Dr. Oxiris Barbot knows what it’s like to be denied care when you don’t have the “right” kind of health insurance.
Barbot was just a youngster when her mother took her to see a pediatric orthopedic surgeon to treat an injured, swollen knee.
“I remember distinctly standing in the waiting room, having the doctor come out and saying, ‘I don’t take Medicaid, but you can put ice on that,’” said Barbot, 53, who took over as the New York City Health Commissioner last month. “Those kinds of experiences, especially at a very early age, stick with someone.”
Narrowing the health disparities that exist among communities and ethnic groups is one of Barbot’s passions, as she takes the job she has been preparing for her whole life.
Born at Bellevue Hospital, Barbot is the first Latina to head the city’s Health Department. She lived in the Patterson Houses in the Bronx before moving with her mother to northern New Jersey.
“I like to refer to myself as a Nuyorican,” said Barbot, referring to a term of pride used by New Yorkers with deep Puerto Rican roots. “I have sort of this bicultural experience … I think having a foot in both those worlds really informed my outlook on what it means to have a healthy community.”
The city has spent years tracking and tackling the health disparities among some New Yorkers. Despite some improvements, they remain stark.
For example, recent Health Department statistics show life expectancy for people who live on the Upper East Side is nearly 11 years longer than for people who live in Brownsville, 85.9 years compared to 75.1 years.
The rate of infant mortality is almost double for African-Americans when compared with the rest of the city. While the number of teen pregnancies has gone down over the years, the rate is highest in the South Bronx.
City Councilman Mark Levine, chair of the Health Committee, said another issue facing Barbot and her staff is the persistently high rate of tuberculosis, especially among immigrant groups who are too fearful to seek health care, as well as the rise of e-cigarette use in teens.
“We are also very concerned about the presence of so much added sugar in fast food that is not disclosed,” said Levine, who has authored a bill that would require warning notices. He is hoping Barbot supports the measure.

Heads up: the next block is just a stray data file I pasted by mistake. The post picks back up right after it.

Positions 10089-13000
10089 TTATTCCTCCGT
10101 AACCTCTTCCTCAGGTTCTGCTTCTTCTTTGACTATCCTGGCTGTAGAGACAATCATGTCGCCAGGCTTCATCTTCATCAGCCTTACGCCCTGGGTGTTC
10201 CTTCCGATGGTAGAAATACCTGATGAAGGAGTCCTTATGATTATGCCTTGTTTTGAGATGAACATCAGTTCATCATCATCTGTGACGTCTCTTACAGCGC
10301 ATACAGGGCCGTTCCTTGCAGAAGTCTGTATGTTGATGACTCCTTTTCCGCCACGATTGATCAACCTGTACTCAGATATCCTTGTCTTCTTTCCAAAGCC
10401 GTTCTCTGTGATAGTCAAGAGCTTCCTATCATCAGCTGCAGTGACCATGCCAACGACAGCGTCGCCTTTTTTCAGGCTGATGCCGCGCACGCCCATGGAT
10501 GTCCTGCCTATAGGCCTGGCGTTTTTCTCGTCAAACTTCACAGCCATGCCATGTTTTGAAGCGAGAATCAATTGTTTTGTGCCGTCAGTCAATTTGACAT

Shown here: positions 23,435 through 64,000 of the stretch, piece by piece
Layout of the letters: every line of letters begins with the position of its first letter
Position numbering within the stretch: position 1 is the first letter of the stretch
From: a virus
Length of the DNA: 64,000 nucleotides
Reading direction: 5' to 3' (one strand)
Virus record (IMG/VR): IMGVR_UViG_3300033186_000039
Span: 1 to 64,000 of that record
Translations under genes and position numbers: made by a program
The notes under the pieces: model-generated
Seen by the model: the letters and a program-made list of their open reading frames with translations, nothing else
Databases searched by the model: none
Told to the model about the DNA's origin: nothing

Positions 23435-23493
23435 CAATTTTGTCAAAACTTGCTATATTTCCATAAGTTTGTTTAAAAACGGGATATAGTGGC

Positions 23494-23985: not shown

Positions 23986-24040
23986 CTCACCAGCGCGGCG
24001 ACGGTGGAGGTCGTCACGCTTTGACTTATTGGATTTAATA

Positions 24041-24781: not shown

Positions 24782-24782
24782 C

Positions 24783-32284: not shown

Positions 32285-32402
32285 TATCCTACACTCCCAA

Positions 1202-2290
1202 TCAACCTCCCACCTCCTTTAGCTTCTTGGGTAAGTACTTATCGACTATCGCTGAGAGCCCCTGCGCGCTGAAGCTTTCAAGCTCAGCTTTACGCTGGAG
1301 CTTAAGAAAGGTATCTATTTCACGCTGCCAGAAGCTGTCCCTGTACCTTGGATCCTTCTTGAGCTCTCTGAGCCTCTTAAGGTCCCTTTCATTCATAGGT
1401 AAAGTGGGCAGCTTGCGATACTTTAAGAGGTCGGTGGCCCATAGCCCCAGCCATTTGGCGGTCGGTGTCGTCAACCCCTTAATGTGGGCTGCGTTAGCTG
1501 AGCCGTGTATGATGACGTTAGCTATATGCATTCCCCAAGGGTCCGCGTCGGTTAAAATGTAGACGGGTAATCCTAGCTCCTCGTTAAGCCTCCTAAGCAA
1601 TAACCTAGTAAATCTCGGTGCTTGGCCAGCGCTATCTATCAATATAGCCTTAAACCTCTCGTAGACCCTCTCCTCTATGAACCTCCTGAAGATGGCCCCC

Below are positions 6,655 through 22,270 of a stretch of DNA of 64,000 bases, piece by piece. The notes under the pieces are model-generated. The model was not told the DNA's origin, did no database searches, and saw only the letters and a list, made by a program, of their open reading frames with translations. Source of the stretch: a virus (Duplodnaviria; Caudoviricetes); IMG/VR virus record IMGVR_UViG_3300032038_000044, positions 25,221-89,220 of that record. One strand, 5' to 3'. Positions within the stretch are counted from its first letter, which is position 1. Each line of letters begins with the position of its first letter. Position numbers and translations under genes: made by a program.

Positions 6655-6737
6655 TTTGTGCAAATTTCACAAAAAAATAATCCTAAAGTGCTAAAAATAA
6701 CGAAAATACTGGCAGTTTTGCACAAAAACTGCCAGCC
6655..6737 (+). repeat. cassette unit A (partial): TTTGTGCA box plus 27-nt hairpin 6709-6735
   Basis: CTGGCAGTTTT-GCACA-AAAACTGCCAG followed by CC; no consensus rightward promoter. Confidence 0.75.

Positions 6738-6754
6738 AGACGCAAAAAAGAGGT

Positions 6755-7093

Barbot graduated from Yale University and the University of Medicine and Dentistry of New Jersey. One of her formative jobs was working as a pediatrician at a community health center in Washington, D.C.
“I’ve always dedicated myself to putting my Ivy League education to use in the community that needed it the most,” she said.
Dr. Ayman El-Mohandes, dean of the CUNY Graduate School of Public Health & Health Policy, said Barbot brings more than impressive educational credentials to the job
“Her life story is a testament to someone who has walked the walk,” said El-Mohandes. “There are certain skills and insights that you build through your life story that are just as important if not more important to the understanding of health challenges today.”
Her time at the health center put Barbot on the track from clinician to commissioner.
Many of the health conditions she treated were the result of inadequate housing, lack of health insurance, lack of economic opportunities and other factors.
Patients with severe asthma, forced to heat their homes by using the stove, would come in on a regular basis.
“They came looking for a doctor’s note to help get higher on a list for better housing,” she said. “That’s not a way to treat a chronic health condition.”
After seeing children with elevated lead levels, Barbot used a spreadsheet to determine they all came from the same building. That work helped spark a Department of Justice inquiry and action for the tenants.
“I got frustrated of seeing this revolving door I had no real power or influence over,” she said. “I wanted to work, as we say, upstream, which looks at how do we change systems.”
Barbot returned to New York in 2003 to serve as medical director at the Office of School Health at the city’s Health and Education departments, where she developed an electronic health record.
A chance to run Baltimore’s Health Department led to her Charm City in 2010. She launched a “Healthy Baltimore” initiative and oversaw a dramatic drop in the infant mortality rate.
In 2014, she came back to the New York City Health Department for a first deputy commissioner post. Barbot was tapped to take over the top job by Mayor Bill de Blasio after Dr. Mary Bassett stepped down.
“I think the commissioner’s background as a pediatrician and working in the school system is one of the most important qualifications you can have today,” said Fred Hyde, a clinical professor at Columbia University’s Mailman School of Public Health.
Barbot said she is “focused on elevating the conversation around what constitutes health, so when we think of health [we’re] not just thinking about physical health, but thinking about mental health.”
She credited First Lady Chirlane McCray’s strong and public commitment to mental health advocacy.
And Barbot’s own personal admission of struggling to deal with her father’s suicide as a child has led to an outpouring of support from New Yorkers.
“If we as adults don’t feel comfortable talking about the hard stuff, how then do we expect our children to learn good coping skills?” she said.
She follows a health regimen that includes exercise and healthy eating but admits to easing a sweet tooth with dark chocolate on occasion. Barbot also meditates every day, something she thinks is beneficial for everyone.
“We have to give ourselves, as adults, a time out,” she said.